Abstract for: The Dynamics in the Dairy Cattle Sector: Policies on Cow Milk Production Can Reduce Greenhouses Gas Emissions and Land Use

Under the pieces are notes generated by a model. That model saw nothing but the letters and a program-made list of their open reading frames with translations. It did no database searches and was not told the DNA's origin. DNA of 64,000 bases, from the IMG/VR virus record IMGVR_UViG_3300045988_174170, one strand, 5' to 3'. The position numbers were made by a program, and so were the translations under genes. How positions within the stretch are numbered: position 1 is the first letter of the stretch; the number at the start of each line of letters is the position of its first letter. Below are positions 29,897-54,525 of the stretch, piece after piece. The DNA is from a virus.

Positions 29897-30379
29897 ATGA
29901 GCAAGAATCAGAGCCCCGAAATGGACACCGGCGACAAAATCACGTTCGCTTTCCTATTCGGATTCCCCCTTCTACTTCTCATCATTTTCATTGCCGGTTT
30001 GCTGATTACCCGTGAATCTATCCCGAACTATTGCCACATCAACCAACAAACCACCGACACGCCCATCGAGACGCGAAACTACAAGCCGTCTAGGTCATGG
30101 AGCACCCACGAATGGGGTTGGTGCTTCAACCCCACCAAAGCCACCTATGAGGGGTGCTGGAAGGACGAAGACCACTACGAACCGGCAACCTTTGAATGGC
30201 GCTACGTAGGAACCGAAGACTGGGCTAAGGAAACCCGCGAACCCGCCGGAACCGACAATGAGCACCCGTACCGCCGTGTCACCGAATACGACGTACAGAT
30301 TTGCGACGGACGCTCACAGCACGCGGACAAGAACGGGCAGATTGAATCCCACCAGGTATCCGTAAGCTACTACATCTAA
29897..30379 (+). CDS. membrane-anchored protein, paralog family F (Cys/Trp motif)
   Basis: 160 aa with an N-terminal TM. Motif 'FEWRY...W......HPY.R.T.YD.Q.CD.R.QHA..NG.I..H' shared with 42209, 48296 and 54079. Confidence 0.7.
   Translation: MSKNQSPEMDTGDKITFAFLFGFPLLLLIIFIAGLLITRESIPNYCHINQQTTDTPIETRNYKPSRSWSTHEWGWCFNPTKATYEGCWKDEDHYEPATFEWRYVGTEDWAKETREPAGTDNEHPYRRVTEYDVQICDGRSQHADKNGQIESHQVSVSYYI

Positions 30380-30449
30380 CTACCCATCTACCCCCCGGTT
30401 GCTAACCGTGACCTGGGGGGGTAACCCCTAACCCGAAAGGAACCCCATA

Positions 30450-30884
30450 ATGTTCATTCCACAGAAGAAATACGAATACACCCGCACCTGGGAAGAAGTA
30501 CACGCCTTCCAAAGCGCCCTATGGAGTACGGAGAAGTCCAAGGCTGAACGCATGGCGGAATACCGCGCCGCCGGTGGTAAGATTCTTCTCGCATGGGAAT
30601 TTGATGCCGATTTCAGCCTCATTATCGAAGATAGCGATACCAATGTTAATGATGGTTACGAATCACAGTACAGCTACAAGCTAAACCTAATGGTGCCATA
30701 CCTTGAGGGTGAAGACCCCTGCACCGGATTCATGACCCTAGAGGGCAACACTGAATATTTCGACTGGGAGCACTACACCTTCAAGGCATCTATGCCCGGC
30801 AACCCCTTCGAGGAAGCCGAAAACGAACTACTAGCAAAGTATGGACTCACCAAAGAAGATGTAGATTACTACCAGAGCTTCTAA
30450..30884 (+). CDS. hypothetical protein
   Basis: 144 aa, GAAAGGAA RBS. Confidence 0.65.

This paper was aimed to understand the key components affecting the dynamics of world milk production and consumption and their effects on CO2 emissions (CO2eq) and grassland use. The model had two major balancing loops: world milk demand (MD), and world milk production (MP). The MP consists of three balancing loops: cow number (CN), cow productivity (CPr), and feed cost; they represented the indirect and direct ways to change the MP rate in order to meet MD, and the positive relationship between cost and demand of feed, respectively. The model consisted of 6 sub-models: people and milk market; cows; milk production; energy requirements; economics; environment. Simulated scenarios were performed between 2007 and 2052. The structural loops affected the output behavior: when MD>MP farm profitability described goal seeking patterns, while when MP>MD, it described constant oscillatory patterns. Scenarios with low CPr did not meet the MD. Scenarios with greater CPr and policies to improve CPr and cattle efficiency met the MD while reducing the CN and used fewer inputs per kg of milk. The model suggested that CPr and cattle nutritional efficiency were the key factors in mitigating anthropogenic environmental impacts by reducing total energy demand, grassland use, and CO2eq/kg milk.